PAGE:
Sunday is KoreaDay at the Asian Art Museum and it's F R E E. Come and celebrate Korean culture through a daylong extravaganza for all ages.
The 2nd floor galleries have two exhibits worth going out of the way to see. "From Two Arises Three" focuses on the work of two American contemporary artists working in uniquely Chinese styles: painter Arnold Chang and photographer Michael Cherney.
Arnold Chang's early artistic education began with his studies under the influential artist and collector C.C. Wang. In the late 1970's, Cheng spent two days a week studying artistic theory and technique at Wang’s studio and one day a week at Wang’s classes at the China Institute. After years of study under Wang and also copying the works of old Chinese masters, Chang said he finally had a “breakthrough” with brush and ink. His technique fused the austerity of traditional Chinese painting techniques with the spontaneity of modern Chinese painters.
Chang, working in his New Jersey studio, has become one of the world’s most respected painters working in the traditional Chinese style. Chang describes his works as abstract and improvisational in nature, saying he simply lets his hand and wrist react to the paper semi-randomly, then connects the resultant “squiggles” according to his understanding of traditional Chinese painting to form a landscape.
Photographer Michael Cherney was raised in upstate New York but fell in love early with China and Chinese culture and language, moving to Beijing in 1991.
In an interview with TAP (Trans Asian Photography Review). Cherney relates how he came to photography after a serious illness. The New York Daily News came out with a book about his grandfather's photography which inspired him to begin to utilize the camera as a tool to understand the world.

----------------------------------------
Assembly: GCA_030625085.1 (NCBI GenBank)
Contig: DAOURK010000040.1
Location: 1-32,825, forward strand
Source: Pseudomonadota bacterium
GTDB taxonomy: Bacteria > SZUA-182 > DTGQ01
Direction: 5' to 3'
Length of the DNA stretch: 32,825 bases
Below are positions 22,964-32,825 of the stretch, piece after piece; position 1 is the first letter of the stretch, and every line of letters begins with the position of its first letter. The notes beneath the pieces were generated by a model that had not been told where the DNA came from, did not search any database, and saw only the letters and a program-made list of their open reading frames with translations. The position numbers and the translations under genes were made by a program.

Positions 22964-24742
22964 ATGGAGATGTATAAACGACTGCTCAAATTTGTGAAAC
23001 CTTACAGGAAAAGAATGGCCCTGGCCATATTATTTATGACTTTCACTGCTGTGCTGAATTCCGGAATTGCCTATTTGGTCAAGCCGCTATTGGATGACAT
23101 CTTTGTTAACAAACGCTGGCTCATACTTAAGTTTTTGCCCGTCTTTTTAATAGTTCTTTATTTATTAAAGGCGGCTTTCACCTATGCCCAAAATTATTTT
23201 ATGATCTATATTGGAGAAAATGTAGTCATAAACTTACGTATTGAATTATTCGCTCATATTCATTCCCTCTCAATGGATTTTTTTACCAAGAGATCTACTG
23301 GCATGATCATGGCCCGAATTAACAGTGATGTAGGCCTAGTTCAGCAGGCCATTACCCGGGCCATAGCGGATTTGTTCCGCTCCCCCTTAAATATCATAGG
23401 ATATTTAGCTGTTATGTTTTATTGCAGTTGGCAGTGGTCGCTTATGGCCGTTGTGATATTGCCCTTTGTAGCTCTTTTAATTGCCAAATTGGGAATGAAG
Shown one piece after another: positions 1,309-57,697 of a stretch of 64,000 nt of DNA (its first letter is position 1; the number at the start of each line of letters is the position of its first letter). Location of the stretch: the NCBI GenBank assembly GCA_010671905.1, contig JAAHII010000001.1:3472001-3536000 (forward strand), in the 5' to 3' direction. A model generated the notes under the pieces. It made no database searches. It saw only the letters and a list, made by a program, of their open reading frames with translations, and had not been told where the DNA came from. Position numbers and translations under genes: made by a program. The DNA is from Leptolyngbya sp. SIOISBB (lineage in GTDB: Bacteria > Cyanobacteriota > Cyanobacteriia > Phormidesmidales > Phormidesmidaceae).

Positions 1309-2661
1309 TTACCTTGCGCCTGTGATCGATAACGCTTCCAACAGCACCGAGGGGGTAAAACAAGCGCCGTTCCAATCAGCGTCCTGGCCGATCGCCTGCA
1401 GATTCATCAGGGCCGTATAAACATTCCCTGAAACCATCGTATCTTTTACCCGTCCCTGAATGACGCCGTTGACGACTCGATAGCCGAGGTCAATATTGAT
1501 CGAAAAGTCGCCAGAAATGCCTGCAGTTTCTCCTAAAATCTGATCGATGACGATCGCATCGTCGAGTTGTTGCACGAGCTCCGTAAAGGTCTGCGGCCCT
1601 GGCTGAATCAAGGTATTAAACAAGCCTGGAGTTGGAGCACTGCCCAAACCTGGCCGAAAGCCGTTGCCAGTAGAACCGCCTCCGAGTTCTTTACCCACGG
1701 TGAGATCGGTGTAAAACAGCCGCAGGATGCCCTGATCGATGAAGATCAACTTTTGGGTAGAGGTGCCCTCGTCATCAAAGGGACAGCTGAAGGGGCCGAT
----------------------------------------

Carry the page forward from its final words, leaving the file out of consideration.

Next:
Cherney’s photography involves painstakingly cropping the landscape photographs he takes throughout the Chinese countryside and evokes the work of ancient Chinese masters, a preoccupation with history and extensive research.
In a video interview showing at the museum. Cherney and Chang then spoke about how they came to be friends and, later, collaborators. Cherney said he first met Chang in 2007 at the Chengdu biennial, where the two were among the roughly 70 artists from China and abroad included in the event. Chang noted some similarities and a “common essence” in their work, and the two began experimenting with ways to combine Cherney’s photography — printed on traditional xuan paper — with Chang’s ink painting as a way to “bring both media forward” into the 21st century. Cherney and Chang first showed their collaborative works at Princeton in 2009.
While their collaboration takes a variety of forms, typically Cherney travels to historic sites in China and takes black-and-white 35 mm photographs. Using a fast film, he purposely brings the grain of the photograph to the forefront. At a certain point, the grain of the photographs begins to resemble the brushstrokes of painting. He then prints the image on Chinese xuan paper—normally used not for photography but for works of ink—and he passes it along to Chang. Chang expands the photographic image into a larger work by means of the brush.
Cherney said he first crops and digitally alters his film images then prints them in pigment on xuan paper before shipping them from his studio in Beijing to Chang, essentially “challenging” Chang to fill in the image. Chang, speaking on the process, said he views it as “a game, a sport, a challenge,” as he only gets one chance with each print.
Through March 1, 2015
"Tradition on Fire" (also in the 2nd floor galleries) highlights 22 works by 20 contemporary Japanese artists. The motto for this show might be everything old is new again as all the works - no mater what form they take - exhibit a distinct Japanese sensibility through their forms and respect for the material. Through 2015.
For moe information, check the website: http://www.asianart.org/